After the huge anti-Craig campaign it must have been gratifying for all involved for the film not only to be a commercial success, but also hailed as a critical success; this was completely unexpected.
Make no mistake, moving away from the tired old formula was a brave move and one that alienated some fans. However, it revitalised the series and gave it the shot in the arm that it had needed since Roger Moore was still Bond and which neither Timothy Dalton nor Pierce Brosnan’s films had managed.
Casino Royale was the Bond film many of the older fans had been waiting for decades. Returning to the first Ian Fleming novel as its basis and then enlarging the plot to allow much more action, it was the best Bond film for years and clear that James Bond could continue to remain popular for twenty-first century audiences.
While Daniel Craig had not been an obvious choice and was unpopular with some, his portrayal of James Bond proved to be exactly what was needed.
Quantum of Solace (2008)
After Casino Royale there was huge excitement that the follow up would be so soon after. Initially planned for release in May 2008 with Roger Michell announced as director, the release was soon pushed back to late 2008 when Michell pulled out as the project lacked a script.
Purvis and Wade returned to work on the screenplay with Paul Haggis, who had successfully polished the Casino Royale script, brought back to complete the final draft. However, this was rushed because of the planned writers strike with the result that Daniel Craig and director Marc Forster continued working on the script during filming.
As well as being the first direct sequel in the entire James Bond series, Quantum of Solace is also the shortest Bond film, coming in at 106 minutes, and stylistically very different.
On the whole fans were disappointed by the new film after the success of Casino Royale, and sequences like the car chase in the pre-title sequence were rendered less successful than might have been expected because of extremely fast cuts and shaky camera work. This technique had been used in the Jason Bourne films and designed to add a sense of urgency to the action, but was widely criticised for use in a James Bond film.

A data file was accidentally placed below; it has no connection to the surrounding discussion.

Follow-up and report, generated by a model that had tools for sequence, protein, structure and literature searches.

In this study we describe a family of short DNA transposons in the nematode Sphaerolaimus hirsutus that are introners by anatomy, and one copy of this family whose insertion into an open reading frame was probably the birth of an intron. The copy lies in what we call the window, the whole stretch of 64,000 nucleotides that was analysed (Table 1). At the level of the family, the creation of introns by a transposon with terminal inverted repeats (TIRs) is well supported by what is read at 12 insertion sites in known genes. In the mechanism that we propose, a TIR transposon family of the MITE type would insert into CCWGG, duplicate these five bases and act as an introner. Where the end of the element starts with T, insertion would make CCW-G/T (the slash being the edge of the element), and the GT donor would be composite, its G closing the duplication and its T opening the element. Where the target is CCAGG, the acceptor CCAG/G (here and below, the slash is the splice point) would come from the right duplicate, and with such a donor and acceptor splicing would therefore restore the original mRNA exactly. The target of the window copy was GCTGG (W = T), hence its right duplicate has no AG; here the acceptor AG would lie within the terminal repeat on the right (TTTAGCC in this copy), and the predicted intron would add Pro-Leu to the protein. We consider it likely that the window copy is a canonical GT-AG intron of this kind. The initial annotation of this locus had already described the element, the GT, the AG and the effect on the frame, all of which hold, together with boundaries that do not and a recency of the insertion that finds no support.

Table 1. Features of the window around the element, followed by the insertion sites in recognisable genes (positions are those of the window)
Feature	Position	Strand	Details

Despite not being as well received as its predecessor, Quantum of Solace still did well at the box office and underlined Craig’s popularity as James Bond and David Arnold provides the film with an excellent score.
After Quantum of Solace audiences would be forced to wait four years until the next James Bond film. At the end of 2010 MGM entered into bankruptcy after running into financial problems and was subsequently taken over by the studio’s creators, seeing work on the next Bond film suspended for the better part of a year.
This was the largest gap between films without a change in actor, but when Skyfall was released it was to phenomenal success. Skyfall marked the fiftieth anniversary of cinematic James Bond and perhaps because of that it became the biggest ever Bond film, the first to gross more than $1 billion at the box office.
Directed by Sam Mendes, much of Skyfall was shot in the UK, and a large part of the film is set in London and Scotland. However, it does get bogged down in the second act in the scenes in which M is questioned during a parliamentary inquest and while that may present a more realistic picture of what life at MI6 can be like for the top brass, it hardly makes for riveting viewing; and gone is David Arnold, with Sam Mendes using his usual composer Thomas Newman to provide the score.
The London setting may have been done for budgetary reasons, but while London is an essential location to James Bond it should never be the main one. Ian Fleming made a similar mistake when he wrote Moonraker, which largely took place in London and Kent and led a number of readers to complain to Fleming.
The good news is that the film picks up again as soon as James Bond turns on the engine of his Aston Martin DB5 and the success of Skyfall ensured that the producers went out of their way to entice Sam Mendes back for the next film.
With Eon gaining the rights to use SPECTRE and Blofeld after reaching an agreement with the heirs of Kevin McClory in 2013, they not only decided to use the villainous organisation in the 24th film in the series but name the film after it.
Although Blofeld is expected t return, he is unlikely to be the camp version portrayed in the earlier films and whether he has a white cat is anyone’s guess at the moment. Watch this space for the new film when it hits our screens in November.